I've changed my mind. On this blog last week, I wrote that the point of disconnect between cultures is music. But I've been giving it some thought, and actually I think I have another contender. It's that old favorite: kids' birthday parties.
I suspect that wherever you go in the world, the goalposts for little Johnny's birthday party have moved somewhat over the last 30 years. Even in sleepy Britain, it's no longer enough to invite his best friends, play a game of pass the parcel or British bulldogs, serve up some cheese sandwiches with crisps, and dish out the chocolate cake after a rousing rendition of "Happy Birthday". No, if you are foolish enough to offer up your home to the masses nowadays, in many parts of the world entertainers are a standard, a glass of wine for any accompanying parents is expected, and party bags are non-negotiable. And don't even think about trying to get away with just putting some stickers and a piece of cake inside it, you cheapskate. Not unless you want to be unmasked as such by a pint-sized monster who rips the bag ungratefully out of your hand before commenting loudly on the contents.
But that, my friends, is nothing. That is plain vanilla. For now we are in Moscow, and you ain't seen nothin' yet...
Children's parties in this city are, to many non-residents, unbelievable. When I regale friends back in the UK with tales of incredible Russian children's birthday parties, invariably they don't believe me. Or, if they do believe me, I'm afraid it only goes to fuel the internationally held image of Russia as a country of extremes.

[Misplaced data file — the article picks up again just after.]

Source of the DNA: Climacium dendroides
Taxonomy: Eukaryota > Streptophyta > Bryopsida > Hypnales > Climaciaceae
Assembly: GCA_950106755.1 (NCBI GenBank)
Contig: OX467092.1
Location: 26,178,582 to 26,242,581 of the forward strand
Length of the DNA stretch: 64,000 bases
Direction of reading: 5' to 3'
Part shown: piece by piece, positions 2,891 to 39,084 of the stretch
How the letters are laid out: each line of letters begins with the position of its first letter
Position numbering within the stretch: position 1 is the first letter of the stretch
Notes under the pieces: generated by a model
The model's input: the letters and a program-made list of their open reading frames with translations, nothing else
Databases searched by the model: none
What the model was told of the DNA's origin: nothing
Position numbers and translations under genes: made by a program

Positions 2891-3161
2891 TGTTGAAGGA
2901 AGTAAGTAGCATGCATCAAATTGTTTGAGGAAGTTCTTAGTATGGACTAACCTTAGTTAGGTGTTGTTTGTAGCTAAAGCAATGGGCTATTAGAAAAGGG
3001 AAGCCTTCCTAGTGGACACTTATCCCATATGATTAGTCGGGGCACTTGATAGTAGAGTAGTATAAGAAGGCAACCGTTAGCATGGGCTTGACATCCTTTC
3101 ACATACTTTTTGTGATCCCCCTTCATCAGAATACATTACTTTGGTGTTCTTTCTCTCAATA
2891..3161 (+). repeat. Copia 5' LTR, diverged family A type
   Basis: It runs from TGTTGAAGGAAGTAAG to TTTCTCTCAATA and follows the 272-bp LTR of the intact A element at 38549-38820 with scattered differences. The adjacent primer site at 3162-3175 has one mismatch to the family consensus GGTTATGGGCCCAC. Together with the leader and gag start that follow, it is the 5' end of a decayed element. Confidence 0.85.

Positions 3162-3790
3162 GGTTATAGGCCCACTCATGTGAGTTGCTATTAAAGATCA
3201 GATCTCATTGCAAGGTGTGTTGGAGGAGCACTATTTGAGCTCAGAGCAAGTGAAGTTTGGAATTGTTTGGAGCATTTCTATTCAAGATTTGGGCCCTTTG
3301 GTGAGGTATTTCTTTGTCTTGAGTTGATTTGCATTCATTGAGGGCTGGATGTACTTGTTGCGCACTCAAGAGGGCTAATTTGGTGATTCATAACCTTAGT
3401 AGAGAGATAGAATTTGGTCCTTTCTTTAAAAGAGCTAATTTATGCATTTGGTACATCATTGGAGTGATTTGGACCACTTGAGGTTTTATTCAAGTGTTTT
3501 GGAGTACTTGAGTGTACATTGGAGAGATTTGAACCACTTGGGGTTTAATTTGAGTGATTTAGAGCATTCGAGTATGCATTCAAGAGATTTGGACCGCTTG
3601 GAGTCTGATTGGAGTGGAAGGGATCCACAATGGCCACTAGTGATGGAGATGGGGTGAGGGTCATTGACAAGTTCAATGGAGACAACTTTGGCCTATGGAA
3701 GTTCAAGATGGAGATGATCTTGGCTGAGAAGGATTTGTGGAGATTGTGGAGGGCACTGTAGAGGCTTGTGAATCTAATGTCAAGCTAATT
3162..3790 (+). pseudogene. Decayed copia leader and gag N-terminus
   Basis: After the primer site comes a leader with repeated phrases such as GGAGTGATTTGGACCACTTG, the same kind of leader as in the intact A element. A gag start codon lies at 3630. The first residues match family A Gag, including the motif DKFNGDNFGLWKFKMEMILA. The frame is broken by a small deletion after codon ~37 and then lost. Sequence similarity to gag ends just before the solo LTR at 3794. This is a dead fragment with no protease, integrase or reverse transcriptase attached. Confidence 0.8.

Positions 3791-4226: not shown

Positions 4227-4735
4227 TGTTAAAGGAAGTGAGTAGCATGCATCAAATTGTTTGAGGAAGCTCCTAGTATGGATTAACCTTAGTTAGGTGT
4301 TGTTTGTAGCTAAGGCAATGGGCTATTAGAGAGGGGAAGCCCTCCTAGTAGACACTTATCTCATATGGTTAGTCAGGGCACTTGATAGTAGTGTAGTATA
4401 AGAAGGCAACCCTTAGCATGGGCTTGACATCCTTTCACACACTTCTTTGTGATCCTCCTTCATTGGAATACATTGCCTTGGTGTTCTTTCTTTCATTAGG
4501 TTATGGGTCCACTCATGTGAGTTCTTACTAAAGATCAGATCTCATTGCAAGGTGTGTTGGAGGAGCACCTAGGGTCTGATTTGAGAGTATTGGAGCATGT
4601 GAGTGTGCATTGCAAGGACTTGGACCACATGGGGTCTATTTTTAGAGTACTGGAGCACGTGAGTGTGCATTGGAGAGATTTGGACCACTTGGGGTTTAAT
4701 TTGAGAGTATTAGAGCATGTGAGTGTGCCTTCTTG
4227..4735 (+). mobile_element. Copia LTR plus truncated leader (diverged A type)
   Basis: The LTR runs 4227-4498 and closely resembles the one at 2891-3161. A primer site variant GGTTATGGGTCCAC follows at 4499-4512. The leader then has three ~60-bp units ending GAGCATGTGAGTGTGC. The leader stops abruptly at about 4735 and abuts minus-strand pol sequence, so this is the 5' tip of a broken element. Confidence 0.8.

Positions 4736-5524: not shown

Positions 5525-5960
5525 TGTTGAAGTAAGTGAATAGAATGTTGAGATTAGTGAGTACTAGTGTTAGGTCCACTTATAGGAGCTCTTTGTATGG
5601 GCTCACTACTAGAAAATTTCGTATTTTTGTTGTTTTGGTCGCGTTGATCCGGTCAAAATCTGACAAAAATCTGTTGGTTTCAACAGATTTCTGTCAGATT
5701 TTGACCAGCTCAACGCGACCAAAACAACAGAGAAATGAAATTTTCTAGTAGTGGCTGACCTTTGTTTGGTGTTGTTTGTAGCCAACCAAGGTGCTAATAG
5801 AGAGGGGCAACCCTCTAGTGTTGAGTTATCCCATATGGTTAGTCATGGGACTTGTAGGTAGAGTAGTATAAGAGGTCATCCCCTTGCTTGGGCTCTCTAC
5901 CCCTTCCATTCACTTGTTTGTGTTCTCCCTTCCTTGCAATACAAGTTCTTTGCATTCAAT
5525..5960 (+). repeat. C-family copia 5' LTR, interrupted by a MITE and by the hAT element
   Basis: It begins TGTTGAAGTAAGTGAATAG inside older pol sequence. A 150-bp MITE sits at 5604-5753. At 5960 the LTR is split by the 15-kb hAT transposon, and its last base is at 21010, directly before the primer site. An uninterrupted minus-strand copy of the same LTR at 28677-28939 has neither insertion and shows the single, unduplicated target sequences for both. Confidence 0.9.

My back catalogue of recent party stories includes but is not limited to: those with added animal entertainment (not rabbits in hats and dogs jumping through hoops, but performing monkeys, look-but-don't-touch crocodiles and bears on bicycles; on one memorable occasion, Mummy Bear was even—heart-wrenchingly—accompanied by her cub); themed events that take all day with a 15-to-20-strong team of entertainers; 5-to-10-minute-long professional firework displays in honor of the birthday child; fully catered sit-down meals for both parents and children; sushi for the kids (in itself, not a bad idea, but I just can't get past the fact that we are many, many miles from the nearest sea); pink champagne for the parents; stunt policemen turning up complete with guns and handcuffs to arrest a wrongfully accused stunt Spiderman; 30-foot inflatable climbing walls in the back yard; and one borrowed anecdote from a friend who glanced into her neighbors' yard some time last year to see the 5-year-old birthday boy sitting resplendently in the seat of his present: a full-sized Hummer with a bow on top.
As an expat living here I couldn't hope to compete, and, indeed, I wouldn't want to. So our recent offering of a low-key party for one of my sons and his classmates consisting of snow games, pizza, chocolate cake and musical chairs was determinedly retro. The children all appeared to have a great time, and I even got a dose of exercise from jumping up and down directing musical statues. You might have almost thought we were back in 1970s Britain (except for the international backgrounds of the guests and the fact that the music was better, obviously), until one of the mums present mentioned that a couple of days previously one of her neighbors' children had had a party with not only all the requisite Moscow whistles and bells, but also the ultimate in animal entertainment.
They had a Siberian tiger, on a leash.